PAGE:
Child Development

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Typical development occurs in the following 5 major areas:

Gross motor: using large groups of muscles to sit, stand, walk, run, etc., keeping balance, and changing positions.

Fine motor: using hands to be able to eat, draw, dress, play, write, and do many other things.

Language: speaking, using body language and gestures, communicating, and understanding what others say.

Cognitive: Thinking skills: including learning, understanding, problem-solving, reasoning, and remembering.

Social: Interacting with others, having relationships with family, friends, and teachers, cooperating, and responding to the feelings of others.
Developmental Milestones

Developmental milestones are the things that most children begin to do at a certain age. Your child’s doctor uses milestones to help check and follow your child’s development. Every child is unique and typical development can occur within a wide range.

Learn the Developmental Milestones to 5http://www.cdc.gov/ncbddd/actearly/milestones/index.html

ACT Earlyhttp://www.cdc.gov/ncbddd/actearly/index.html

 

Language Development

The development of language begins as an infant. Delays in speech or language have a significant effect on social and academic skills and behavior. Early speech and language intervention can help children be more successful with reading, writing, schoolwork, and social skills.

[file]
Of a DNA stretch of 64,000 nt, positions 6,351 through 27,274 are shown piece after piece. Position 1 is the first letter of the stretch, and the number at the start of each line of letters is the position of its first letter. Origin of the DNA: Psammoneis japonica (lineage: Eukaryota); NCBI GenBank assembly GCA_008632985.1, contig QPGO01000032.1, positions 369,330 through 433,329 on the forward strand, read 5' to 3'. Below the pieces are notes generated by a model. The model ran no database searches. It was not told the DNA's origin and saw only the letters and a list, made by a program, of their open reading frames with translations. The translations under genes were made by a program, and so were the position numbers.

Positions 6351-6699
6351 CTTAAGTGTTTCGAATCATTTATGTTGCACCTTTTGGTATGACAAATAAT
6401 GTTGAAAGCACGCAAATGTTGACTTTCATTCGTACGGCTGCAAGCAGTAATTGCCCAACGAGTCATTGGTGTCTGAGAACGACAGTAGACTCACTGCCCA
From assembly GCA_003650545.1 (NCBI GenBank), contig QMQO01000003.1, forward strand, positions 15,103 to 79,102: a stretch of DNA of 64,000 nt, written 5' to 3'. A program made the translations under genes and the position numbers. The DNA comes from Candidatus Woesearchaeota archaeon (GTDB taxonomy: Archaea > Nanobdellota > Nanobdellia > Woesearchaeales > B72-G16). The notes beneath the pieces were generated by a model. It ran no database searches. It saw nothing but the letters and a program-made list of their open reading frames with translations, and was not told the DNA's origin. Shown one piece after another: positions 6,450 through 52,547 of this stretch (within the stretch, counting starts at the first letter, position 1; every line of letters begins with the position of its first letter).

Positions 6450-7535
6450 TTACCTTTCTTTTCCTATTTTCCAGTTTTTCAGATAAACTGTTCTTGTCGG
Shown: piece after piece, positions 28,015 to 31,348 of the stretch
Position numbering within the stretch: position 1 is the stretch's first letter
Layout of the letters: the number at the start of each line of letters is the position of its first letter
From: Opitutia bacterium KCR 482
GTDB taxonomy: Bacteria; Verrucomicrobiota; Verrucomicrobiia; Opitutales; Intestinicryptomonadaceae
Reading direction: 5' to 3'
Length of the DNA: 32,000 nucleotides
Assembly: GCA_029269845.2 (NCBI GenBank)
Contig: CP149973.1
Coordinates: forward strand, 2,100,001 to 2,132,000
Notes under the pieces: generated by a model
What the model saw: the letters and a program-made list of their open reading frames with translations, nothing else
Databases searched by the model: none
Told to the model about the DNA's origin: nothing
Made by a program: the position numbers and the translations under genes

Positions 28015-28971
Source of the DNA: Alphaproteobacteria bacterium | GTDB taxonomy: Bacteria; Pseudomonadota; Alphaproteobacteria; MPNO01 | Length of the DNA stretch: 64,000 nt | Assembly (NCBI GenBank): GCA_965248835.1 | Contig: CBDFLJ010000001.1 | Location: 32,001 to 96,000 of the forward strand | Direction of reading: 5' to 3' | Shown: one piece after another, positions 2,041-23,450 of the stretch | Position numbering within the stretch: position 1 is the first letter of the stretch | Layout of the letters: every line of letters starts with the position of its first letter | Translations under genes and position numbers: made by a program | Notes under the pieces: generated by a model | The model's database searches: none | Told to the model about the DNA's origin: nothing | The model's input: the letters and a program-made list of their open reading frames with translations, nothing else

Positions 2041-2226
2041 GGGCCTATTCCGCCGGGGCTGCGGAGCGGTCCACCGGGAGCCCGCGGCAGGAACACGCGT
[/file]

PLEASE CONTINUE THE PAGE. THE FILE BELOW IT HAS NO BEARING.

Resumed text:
Find out more about Language Development. http://www.asha.org/public/speech/development/

 

Learning Disabilities

It is estimated that fifteen percent of the U.S. population, or one in seven Americans,
has some type of learning disability. Difficulty with basic reading and language skills are the most common learning disabilities. As many as 80% of students with learning disabilities have reading problems.

 

Parents are often the first to notice the signs that their children have learning problems. Some of the signs may be apparent as early as preschool age while others may become more defined in middle or high school when learning becomes more complex.  Parents who suspect learning disabilities should speak to teachers and other school staff and ask that their child be evaluated.

Common Learning Disabilities:

Dyslexia – a language-based disability in which a person has trouble understanding written words. It may also be referred to as reading disability or reading disorder.

Dyscalculia – a mathematical disability in which a person has a difficult time solving arithmetic problems and grasping math concepts.

Dysgraphia – a writing disability in which a person finds it hard to form letters or write within a defined space.

Auditory and Visual Processing Disorders – sensory disabilities in which a person has difficulty understanding language despite normal hearing and vision.

Nonverbal Learning Disabilities – a neurological disorder which originates in the right hemisphere of the brain, causing problems with visual-spatial, intuitive, organizational, evaluative and holistic processing functions. Find out more about nonverbal learning disabilities:  http://www.nldontheweb.org/

 

Learn the Signs of a Learning Disability:  http://www.ldonline.org/ldbasics/signs